After taking a deer this season with my m44, I decided that perhaps my main hunting rifle should have a safety. It's about time I caught up with the rest of the world.
And by safety, I mean a safety that's slightly easier to use!
J&G Sales was offering a "Gunsmith Special" 1916 Mauser for $175. Meh. I'll keep looking. I don't really need anything at the moment. They were rebored back in the 50s for 7.62 NATO and used by the equivalent of the Spanish National Guard. Kinda neat rifles, and I liked the look, but not for that-
-The price dropped to $149.99. Ugh, FINE. Give me your broken rifle and let's get this project started.
The 1916 Spanish Mauser is a small ring 1893 pattern with a shorter (22") barrel originally chambered in 7mm mauser. I wanted the 7.62 NATO version because of ammo availability mainly. The "gunsmith special" rifles could have any assortment of problems, such as broken stocks, firing pins, missing front sights, busted bolts, ringed barrels, etc.
I was taking a gamble, but I figure if I rolled snake-eyes I could always shelf it for when I felt like putting more money into it and building an entire rifle off of the action.
So I got the rifle in the mail a few weeks back. It was defintely "used". Probably as a boat anchor, or baseball bat. Or maybe the stock got that dinged up when they air-dropped these things into the country.
After taking the thing down to its bolts and pins, I noticed a few things that were broken.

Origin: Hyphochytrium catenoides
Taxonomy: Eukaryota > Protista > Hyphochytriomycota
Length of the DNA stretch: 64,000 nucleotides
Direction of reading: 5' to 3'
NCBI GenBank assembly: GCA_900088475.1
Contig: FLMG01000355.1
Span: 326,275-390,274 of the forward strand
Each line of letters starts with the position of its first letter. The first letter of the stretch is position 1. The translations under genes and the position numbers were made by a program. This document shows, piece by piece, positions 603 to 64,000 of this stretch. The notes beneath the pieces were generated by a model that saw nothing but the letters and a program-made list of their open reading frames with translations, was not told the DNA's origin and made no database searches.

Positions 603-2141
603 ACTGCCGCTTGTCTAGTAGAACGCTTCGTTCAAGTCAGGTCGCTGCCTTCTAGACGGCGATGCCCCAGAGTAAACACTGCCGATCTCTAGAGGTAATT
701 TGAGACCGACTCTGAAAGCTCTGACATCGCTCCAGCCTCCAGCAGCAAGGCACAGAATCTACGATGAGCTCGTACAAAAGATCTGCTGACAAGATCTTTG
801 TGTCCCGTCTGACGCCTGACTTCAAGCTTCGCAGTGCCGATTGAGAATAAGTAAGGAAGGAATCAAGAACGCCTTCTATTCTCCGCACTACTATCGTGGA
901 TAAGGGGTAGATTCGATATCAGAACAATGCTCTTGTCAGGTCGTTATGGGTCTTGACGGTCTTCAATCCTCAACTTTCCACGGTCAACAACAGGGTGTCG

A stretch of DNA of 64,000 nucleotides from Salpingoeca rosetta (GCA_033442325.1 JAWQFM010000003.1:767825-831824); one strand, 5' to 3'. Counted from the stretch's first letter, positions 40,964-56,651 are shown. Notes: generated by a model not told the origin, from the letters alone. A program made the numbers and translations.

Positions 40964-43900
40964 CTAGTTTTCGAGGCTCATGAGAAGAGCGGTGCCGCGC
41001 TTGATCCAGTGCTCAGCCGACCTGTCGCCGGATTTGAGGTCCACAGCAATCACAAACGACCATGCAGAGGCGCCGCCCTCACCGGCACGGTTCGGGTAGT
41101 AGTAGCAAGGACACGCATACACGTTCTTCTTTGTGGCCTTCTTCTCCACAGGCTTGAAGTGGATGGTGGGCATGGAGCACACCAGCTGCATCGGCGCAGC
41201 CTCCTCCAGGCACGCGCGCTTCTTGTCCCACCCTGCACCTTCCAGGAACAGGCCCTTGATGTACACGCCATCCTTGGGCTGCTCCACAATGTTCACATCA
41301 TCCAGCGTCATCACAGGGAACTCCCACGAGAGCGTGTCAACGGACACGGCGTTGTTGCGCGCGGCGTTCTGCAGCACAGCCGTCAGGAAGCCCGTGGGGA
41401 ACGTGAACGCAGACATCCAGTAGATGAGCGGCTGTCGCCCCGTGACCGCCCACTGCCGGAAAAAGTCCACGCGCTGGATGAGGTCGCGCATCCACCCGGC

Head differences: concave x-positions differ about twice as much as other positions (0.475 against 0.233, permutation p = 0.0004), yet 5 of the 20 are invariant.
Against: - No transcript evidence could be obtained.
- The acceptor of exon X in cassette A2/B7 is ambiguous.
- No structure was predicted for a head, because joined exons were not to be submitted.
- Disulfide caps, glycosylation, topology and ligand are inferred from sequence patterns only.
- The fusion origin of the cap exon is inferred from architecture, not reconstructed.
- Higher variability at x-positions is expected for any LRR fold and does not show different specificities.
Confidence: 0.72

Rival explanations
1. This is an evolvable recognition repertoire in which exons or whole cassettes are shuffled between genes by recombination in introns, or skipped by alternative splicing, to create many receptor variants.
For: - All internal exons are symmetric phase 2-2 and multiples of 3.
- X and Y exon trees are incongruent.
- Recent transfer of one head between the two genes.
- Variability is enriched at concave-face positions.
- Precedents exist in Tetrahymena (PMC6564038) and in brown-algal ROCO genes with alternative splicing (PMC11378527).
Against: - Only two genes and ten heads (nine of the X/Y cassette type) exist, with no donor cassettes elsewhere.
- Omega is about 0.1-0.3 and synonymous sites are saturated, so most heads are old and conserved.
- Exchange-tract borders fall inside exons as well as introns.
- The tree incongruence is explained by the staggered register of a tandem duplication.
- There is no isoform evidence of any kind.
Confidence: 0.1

1) Broken firing pin. Simple enough, Numrich has them for $20.
2) Stock forend cracked. Again, not too bad. A little wood glue and sanding.
3) Bore was a MESS. Copper solvent, a few days rest, lots of brushes, and the bore ALMOST looks shootable. It's no sewer pipe, but there's a little pitting. We'll see how it shoots once the pin comes in the mail.
4) Front sight hood was wobbly. I unwobbled it with the help of a vice after removing it from the rifle.
5) Dirty as hell. The deep clean included breaking everything down as far as possible and using PB Blaster and Remoil with rags and Q-tips to get the gunk out.
6) Took some metal off of the extractor an cleaned up the feeding of the rifle. It's almost smooth now.
7) Took some metal off of the follower to prevent it from nose-diving in the magazine.
Since I had the stock off, I figured I would sand it down and hit it with a stain.
320 grit paper took a while to get it down to anything reasonable. I wasn't doing this because I wanted a pretty rifle, I just wanted the two woods to kind-of match and for the nicks in the stock to get cleaned up.
Finally, after a cleaning, a soaking, and a staining, I put the rifle back together. Things I still might have to do.
1) Open up the rear sight a bit. It's a very
tight rear sight picture. Not sure how it will work in lower light.
2) Still waiting on the firing pin. Numrich and USPS are conspiring against me.
3) Shoot it and make sure it works.
4) If the front bayonet mount gets wobbly, I'll bob the stock and get rid of the broken wood. It's only really broken/missing wood up near the bayonet mount, and I don't plan on charging bambi. I've got my M44 for that job.
And it's nearly a pound lighter than the M44.